Wednesday, May 9, 2012

"Next stop, Duluth Georgia!"

The Crescent, a historic train.

Its schedule and stops were based on post WWII population and travel patterns.

Between WWII and 1970, the interstate highway system was built out, Atlanta grew rapidly in response, but the Cresecent's schedule was virtually unchanged.

In the 40 years since then, Altanta has become virtually unrecognizable, tripling in size to over 5 million people.  However, the Crescent is virtually unchanged today!

Same stops.  Same running time.  Same schedule.

Atlanta.  What was just one of several southern cities on the route, is now the number one city in the southeast outside of Florida. Number 9 in the whole country. Good for the Crescent?  It should be, but it's not.

Atlanta has grown.  Has the ridership?  No.  In 1971, the train consistently operated 12-16 cars.  Now, it runs with 9 or 10 with the total available space roughly equal.

Well, then, has the profitability of the train grown?  No. It consistantly ranks near the bottom of Amtrak's long distance trains in their monthly reports.

Why? It doesn't stop where the people live.

How many people live in Metro Atlanta?  Take a look:

Atlanta MSA
yearpopulationchangegrowth rate per decade

Where do they live?  They are sprawled out, north, south, east and west, but more so on the north side.

(scale on map below:  The distance from Atlanta proper to Gainesville - in the upper RH corner is 50 miles)
2010 Census by zip code

There are over 3 million new people in the area since Amtrak started running the Crescent in 1980.  Many of them moved into new suburbs to the north of the city proper.  The Crescent's route runs right through one of these northern suburbs, Gwinnett County.  Here is the population for Gwinnett County over the same time period.

year population change growth rate % of Metro Region
1970 72,349 4%
1980 166,815 94,466 131% 7%
1990 352,910 186,095 112% 11%
2000 588,448 235,538 67% 14%
2010 805,321 216,873 37% 15%

The Crescent's currently makes one stop in Atlanta.  The population in the surrounding area is a bit less than a half million people.
463,000 people in shaded area that included Downtown, Midtown and Buckhead

The next stop to the north, after passing through the whole length of Gwinnett County is Gainesville.  A small, rural city centered around feed mills.  The population of the surrounding area is less than 60,000.
59,000 people in shaded area around Gainesville

 Duluth Georgia is about in the middle of the western edge of Gwinnett County, adjacent to the large, affluent suburbs of Alpharetta and Roswell in North Fulton County. The population of the immediate surrounding area is over a half million people.  It is about 20 miles from the Atlanta stop and 30 miles from the Gainesville stop by rail.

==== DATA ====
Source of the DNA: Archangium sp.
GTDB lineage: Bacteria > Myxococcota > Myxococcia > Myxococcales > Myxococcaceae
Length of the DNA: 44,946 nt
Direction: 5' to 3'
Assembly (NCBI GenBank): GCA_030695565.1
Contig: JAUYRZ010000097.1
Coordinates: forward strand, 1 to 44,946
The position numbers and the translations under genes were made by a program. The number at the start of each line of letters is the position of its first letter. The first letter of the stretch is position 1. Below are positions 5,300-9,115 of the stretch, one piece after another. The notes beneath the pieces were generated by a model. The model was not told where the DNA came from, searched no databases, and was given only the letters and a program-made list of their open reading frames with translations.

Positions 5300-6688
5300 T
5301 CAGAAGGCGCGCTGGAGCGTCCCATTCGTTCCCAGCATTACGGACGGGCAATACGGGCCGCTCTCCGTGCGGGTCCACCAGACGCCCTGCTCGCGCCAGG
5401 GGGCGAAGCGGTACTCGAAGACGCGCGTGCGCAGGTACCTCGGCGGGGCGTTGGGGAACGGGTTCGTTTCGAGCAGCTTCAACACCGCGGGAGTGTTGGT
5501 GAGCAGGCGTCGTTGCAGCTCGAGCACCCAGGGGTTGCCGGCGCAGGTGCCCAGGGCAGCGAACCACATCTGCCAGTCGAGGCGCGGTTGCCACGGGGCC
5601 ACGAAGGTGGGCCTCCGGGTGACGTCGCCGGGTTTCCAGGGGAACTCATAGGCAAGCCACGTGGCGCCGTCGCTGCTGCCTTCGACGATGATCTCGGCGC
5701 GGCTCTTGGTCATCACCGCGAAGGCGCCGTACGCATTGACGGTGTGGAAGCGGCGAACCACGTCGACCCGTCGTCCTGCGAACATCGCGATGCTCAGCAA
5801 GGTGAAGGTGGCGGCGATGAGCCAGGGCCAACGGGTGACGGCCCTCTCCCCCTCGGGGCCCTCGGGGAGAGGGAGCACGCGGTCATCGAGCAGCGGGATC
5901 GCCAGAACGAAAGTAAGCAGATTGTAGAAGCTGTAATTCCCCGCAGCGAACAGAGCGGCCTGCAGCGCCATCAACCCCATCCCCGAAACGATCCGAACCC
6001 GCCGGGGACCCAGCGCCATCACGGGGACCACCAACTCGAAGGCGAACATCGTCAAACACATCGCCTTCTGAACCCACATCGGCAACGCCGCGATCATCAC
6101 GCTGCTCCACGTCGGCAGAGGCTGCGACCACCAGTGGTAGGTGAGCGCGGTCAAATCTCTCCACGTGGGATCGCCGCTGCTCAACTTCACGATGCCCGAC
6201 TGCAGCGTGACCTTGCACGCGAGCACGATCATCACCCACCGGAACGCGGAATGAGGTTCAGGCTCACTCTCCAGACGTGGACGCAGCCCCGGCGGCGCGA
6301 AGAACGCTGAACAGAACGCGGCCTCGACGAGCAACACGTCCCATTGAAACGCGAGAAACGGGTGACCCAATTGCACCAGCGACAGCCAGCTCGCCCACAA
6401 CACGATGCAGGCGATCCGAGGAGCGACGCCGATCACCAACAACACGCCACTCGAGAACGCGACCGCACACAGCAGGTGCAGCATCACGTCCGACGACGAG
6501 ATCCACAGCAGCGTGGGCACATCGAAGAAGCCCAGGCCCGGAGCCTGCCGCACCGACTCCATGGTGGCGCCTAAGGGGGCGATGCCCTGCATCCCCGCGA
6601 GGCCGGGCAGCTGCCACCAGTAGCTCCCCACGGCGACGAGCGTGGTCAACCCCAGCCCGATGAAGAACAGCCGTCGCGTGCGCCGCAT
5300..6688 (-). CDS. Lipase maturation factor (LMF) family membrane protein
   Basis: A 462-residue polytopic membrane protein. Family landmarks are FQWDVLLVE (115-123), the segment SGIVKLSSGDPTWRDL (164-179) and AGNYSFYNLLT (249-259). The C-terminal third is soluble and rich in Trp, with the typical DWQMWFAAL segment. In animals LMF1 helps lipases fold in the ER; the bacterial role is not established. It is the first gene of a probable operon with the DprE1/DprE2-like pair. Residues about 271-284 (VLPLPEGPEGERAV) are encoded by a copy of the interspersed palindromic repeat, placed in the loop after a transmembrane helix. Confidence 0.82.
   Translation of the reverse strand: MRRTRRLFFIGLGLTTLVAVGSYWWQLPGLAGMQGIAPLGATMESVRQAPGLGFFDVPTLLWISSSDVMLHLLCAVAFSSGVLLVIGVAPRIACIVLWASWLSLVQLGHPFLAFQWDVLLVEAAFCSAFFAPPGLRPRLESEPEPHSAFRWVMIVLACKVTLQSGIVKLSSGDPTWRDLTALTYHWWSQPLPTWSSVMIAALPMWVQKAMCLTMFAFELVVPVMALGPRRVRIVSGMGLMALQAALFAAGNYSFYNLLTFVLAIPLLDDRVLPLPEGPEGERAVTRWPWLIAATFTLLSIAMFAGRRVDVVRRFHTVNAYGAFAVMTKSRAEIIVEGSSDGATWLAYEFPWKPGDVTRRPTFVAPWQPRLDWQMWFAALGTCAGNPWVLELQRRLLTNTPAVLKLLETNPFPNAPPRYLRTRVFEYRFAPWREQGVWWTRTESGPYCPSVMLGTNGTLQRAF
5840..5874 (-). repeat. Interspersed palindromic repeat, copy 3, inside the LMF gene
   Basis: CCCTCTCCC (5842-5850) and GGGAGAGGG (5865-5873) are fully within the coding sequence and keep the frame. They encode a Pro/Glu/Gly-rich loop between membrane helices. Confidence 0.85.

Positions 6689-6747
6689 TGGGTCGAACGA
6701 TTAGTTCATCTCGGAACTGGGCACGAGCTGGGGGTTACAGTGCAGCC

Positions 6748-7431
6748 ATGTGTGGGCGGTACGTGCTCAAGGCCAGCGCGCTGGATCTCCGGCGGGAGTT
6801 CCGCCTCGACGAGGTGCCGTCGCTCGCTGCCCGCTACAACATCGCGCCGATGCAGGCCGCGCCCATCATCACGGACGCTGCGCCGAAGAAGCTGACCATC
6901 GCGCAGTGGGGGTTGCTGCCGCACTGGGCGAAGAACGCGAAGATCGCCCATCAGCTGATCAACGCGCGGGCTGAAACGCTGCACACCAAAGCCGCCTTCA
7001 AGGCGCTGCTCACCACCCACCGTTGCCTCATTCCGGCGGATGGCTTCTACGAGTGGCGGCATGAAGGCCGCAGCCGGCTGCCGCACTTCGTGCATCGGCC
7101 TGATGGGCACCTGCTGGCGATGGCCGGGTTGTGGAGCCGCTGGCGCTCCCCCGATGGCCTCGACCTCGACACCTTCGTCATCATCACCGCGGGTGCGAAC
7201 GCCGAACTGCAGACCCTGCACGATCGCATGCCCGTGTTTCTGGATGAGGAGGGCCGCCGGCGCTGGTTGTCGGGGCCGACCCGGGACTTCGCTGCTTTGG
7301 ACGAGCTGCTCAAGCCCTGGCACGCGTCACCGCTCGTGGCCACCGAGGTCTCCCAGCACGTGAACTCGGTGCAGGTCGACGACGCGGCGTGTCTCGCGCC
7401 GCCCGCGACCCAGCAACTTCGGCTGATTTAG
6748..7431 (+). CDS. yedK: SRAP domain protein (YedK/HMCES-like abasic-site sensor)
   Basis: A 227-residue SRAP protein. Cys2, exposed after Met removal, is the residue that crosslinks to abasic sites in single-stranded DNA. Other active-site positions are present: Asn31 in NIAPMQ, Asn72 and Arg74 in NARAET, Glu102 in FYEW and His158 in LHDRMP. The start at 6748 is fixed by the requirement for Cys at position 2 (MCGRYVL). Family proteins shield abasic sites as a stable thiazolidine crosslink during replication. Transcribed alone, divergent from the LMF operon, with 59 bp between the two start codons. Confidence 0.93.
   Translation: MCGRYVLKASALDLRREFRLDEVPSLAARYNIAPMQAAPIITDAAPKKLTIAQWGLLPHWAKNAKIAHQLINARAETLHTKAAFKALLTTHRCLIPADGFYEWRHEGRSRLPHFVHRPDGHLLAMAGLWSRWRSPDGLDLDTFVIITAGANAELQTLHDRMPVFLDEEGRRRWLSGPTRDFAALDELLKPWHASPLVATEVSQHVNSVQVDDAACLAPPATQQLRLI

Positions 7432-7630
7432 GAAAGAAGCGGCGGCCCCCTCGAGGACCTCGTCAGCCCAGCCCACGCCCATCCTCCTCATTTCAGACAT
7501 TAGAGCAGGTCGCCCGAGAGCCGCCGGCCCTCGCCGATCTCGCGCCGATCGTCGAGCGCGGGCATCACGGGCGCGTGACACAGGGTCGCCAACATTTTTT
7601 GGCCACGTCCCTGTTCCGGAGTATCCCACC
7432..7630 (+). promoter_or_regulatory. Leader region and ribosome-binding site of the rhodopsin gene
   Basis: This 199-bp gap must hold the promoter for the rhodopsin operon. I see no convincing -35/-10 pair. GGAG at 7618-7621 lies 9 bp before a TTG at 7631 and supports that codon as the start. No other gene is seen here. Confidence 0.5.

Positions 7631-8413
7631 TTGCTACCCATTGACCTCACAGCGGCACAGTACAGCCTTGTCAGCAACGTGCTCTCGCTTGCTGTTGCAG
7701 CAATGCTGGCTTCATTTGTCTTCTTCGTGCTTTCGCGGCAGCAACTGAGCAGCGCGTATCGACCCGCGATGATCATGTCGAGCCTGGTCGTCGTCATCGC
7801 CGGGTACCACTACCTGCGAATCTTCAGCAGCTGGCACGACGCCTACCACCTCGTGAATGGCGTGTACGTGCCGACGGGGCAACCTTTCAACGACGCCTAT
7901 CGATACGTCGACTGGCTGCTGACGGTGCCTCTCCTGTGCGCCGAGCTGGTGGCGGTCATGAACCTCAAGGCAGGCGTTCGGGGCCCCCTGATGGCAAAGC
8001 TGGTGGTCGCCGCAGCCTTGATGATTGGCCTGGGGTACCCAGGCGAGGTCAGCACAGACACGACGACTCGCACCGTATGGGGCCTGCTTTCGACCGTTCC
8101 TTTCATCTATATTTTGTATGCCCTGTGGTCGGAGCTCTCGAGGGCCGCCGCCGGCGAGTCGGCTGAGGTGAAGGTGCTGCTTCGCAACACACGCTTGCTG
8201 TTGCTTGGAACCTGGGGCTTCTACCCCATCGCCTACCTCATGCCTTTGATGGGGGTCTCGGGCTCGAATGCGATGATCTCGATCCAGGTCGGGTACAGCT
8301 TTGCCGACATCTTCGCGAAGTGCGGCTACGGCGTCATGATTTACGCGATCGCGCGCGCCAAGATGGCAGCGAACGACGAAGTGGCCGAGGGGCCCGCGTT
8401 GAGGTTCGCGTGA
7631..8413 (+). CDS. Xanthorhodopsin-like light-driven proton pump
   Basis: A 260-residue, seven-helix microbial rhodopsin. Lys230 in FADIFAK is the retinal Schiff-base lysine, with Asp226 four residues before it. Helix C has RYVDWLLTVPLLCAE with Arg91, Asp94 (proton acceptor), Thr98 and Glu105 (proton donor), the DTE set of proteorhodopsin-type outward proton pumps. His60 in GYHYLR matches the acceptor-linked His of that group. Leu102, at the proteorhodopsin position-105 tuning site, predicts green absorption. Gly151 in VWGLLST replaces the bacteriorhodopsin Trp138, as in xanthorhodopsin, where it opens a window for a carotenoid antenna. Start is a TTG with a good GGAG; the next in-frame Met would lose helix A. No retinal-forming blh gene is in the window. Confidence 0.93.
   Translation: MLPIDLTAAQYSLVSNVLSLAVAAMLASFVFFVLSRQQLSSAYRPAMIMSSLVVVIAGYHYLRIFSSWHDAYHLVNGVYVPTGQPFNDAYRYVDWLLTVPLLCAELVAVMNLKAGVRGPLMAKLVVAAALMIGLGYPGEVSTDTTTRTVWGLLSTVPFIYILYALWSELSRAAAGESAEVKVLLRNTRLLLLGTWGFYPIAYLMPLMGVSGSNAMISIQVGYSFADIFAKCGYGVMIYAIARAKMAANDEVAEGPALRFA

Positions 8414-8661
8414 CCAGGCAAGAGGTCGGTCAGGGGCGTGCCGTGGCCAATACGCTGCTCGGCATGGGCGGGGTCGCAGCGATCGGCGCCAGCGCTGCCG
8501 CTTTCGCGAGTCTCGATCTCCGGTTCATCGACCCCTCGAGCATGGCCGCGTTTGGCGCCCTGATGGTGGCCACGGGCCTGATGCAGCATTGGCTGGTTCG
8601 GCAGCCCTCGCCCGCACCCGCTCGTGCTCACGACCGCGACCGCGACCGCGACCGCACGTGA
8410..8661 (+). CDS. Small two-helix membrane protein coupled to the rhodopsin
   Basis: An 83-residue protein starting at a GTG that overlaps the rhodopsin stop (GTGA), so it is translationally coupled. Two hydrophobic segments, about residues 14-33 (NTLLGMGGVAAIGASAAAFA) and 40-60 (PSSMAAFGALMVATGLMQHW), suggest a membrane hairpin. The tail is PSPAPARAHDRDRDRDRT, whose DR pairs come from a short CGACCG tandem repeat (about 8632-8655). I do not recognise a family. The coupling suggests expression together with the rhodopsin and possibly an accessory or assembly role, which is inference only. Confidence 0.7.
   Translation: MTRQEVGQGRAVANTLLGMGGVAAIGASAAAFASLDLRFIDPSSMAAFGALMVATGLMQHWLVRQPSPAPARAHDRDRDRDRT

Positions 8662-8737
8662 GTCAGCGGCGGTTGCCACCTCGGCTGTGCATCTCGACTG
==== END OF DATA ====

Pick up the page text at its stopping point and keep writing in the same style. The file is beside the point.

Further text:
535,000 people in shaded area around Duluth

 Should these people want to ride the Crescent, they have to drive to Atlanta - with the potential for some serious traffic along the way - nominally a 40 minute trip.  Or, they can drive up to Gainesville - an easy drive - about 40 minutes the other way.

Some personal observation at Gainesville leads me to believe than many, if not most of the riders who get on there are coming from the Gwinnett/North Fulton area.

Would these people want to ride the Crescent?  It does go useful places at useful times of day.  It's a day trip to Birmingham and New Orleans in each direction including a stop in the college town of Tuscaloosa.  Its an evening trip up into the Carolinas, hitting the college town of Clemson and making a late night stop in Charlotte.  It's an overnight train to Charlottesville, DC, Philadelphia and New York.  Certainly, there are suburban Altlantans who would use the train if only they knew about it and it was convenient.

So, why doesn't train stop in Duluth?  Tradition forbids it?  Never thought of it?  Nobody ever asked?

Amtrak loses nearly 30 cents per passenger mile running the Crescent.  A lot of that is the fixed cost and overhead involved in running a train.  It would seem that Amtrak would be hungry for every incremental dollar of revenue that they can get their hands on.  There is more to marketing than setting fare levels and having a nice web site.  Stopping where the potential riders are should always be the first consideration.

It is clear that Amtrak should create a stop in Duluth - and should have done it a couple decades ago.

How hard would it be to do that?  Pretty easy.  The current site of the Southeastern Railway Museum is in a nearly ideal spot and their management is open to the idea.  It has really good highway access being adjacent to two major arterial roads.  All that's needed is a platform a few hundred feet long made of timber and asphalt and a short, wooden high level platform for handicap access, and some street lamps and you're in business.

Build it, tell people about it and watch the ridership climb.

So, how about it, Amtrak?


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